René de la Porte de Vezins finally became possessed of his birthright on 5 August 1600, following fifteen years of very expensive court proceedings. The previous year he had married Anne de Maillé de la Tour-Landry; his own seat of Vezins had for the last thirty years been commandeered as a Huguenot refuge, so they settled at the Château de La Tour-Landry. René was now Baron of Vezins and Pordic, Lord of Archapt, Villeneuve, Le Plessis and Casson, and Noue-Briord, which title later became elevated to Marquis. He died in 1616, when his widow was granted the title of Countess; she and their eldest son François bought back and restored the Château of Vezins. René's sisters Judith and Isabeau did not remain in Guernsey, if they were ever here, as eventually both married in France. Francois de la Nouë's son Odet was a renowned Huguenot captain himself. Ten years younger than his cousin René de Vezins, he died soon after, in 1618. Odet was also a poet and one of his works is in the Library: 'The profit of imprisonment. A paradox, written in French by Odet de la Noue, Lord of Teligni, being prisoner in the Castle of Tourney,' in Du Bartas, his Divine weekes and Works, translated and written by Josiah Sylvester, printed in 1641. For more on this family, including Jacques Le Porc de la Porte de Vezins' notorious brother, Claude, see Baudry, J., 'Saint-Mars-la-Jaille at ses anciens seigneurs,' in Revue de Bretagne, 25 (1909), pp. 313 ff., a copy of which is in the Library.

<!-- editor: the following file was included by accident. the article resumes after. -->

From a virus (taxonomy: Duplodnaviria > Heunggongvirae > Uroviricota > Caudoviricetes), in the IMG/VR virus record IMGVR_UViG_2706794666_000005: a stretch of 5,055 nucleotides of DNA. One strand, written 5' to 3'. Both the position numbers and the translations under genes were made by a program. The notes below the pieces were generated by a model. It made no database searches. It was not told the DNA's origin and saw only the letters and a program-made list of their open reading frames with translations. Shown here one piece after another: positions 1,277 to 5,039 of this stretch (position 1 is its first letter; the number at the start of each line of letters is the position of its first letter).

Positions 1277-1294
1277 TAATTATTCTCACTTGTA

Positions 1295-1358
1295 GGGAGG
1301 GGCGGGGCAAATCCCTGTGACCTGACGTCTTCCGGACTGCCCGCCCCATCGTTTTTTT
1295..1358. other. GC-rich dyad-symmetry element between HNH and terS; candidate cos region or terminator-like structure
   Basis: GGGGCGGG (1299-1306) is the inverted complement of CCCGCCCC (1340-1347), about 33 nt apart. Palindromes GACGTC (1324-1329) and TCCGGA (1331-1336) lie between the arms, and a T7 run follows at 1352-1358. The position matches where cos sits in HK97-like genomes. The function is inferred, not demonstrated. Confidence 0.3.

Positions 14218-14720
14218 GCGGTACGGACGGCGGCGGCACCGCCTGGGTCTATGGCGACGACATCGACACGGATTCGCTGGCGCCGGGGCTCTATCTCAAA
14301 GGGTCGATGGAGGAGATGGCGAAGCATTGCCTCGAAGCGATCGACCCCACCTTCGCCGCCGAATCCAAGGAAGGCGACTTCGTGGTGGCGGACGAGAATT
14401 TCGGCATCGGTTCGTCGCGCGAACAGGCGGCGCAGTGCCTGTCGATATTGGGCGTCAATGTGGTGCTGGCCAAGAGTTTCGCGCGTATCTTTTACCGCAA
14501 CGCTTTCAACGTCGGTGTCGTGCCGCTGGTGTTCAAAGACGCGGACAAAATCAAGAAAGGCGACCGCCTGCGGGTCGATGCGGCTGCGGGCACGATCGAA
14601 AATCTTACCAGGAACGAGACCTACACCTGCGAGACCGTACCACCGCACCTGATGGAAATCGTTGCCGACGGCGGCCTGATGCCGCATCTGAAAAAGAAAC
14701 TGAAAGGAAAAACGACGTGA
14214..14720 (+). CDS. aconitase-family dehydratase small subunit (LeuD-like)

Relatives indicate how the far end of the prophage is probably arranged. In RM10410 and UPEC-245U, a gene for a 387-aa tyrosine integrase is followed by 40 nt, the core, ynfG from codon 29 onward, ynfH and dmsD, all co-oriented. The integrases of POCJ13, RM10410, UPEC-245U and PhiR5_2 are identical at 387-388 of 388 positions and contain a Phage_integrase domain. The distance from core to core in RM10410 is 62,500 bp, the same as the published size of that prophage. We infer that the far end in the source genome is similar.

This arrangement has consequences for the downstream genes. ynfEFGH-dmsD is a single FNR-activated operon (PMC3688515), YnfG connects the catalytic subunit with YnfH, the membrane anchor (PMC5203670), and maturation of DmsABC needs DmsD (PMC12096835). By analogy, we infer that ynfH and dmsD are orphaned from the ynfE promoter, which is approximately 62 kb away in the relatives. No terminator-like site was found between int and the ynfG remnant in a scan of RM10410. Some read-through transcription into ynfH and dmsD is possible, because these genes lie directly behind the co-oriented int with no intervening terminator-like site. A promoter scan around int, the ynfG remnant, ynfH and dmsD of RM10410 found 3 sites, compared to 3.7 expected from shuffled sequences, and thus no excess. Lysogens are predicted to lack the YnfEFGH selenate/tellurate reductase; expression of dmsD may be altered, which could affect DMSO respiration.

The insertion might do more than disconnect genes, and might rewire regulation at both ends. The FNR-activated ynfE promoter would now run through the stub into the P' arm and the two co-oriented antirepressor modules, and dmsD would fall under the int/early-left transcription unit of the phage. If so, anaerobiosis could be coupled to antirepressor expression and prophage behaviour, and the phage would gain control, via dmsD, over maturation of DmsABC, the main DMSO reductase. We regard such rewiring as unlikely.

1 There was coincidentally a Le Porc family resident in Jersey at this time, and the name occurs in old Guernsey documents. A Judith Le Porc, who would potentially be the right age to be René's sister, was admitted to communion in the Walloon Church of Southampton in April 1587 (Registre de L'Eglise Wallonne de Southampton ... 1890, Library Collection, p. 20); she is, however, only one of several people of that name to feature in the registers, while the Judith of the story is supposed to have married the oddly-named Huger de la Mancellière in Normandy.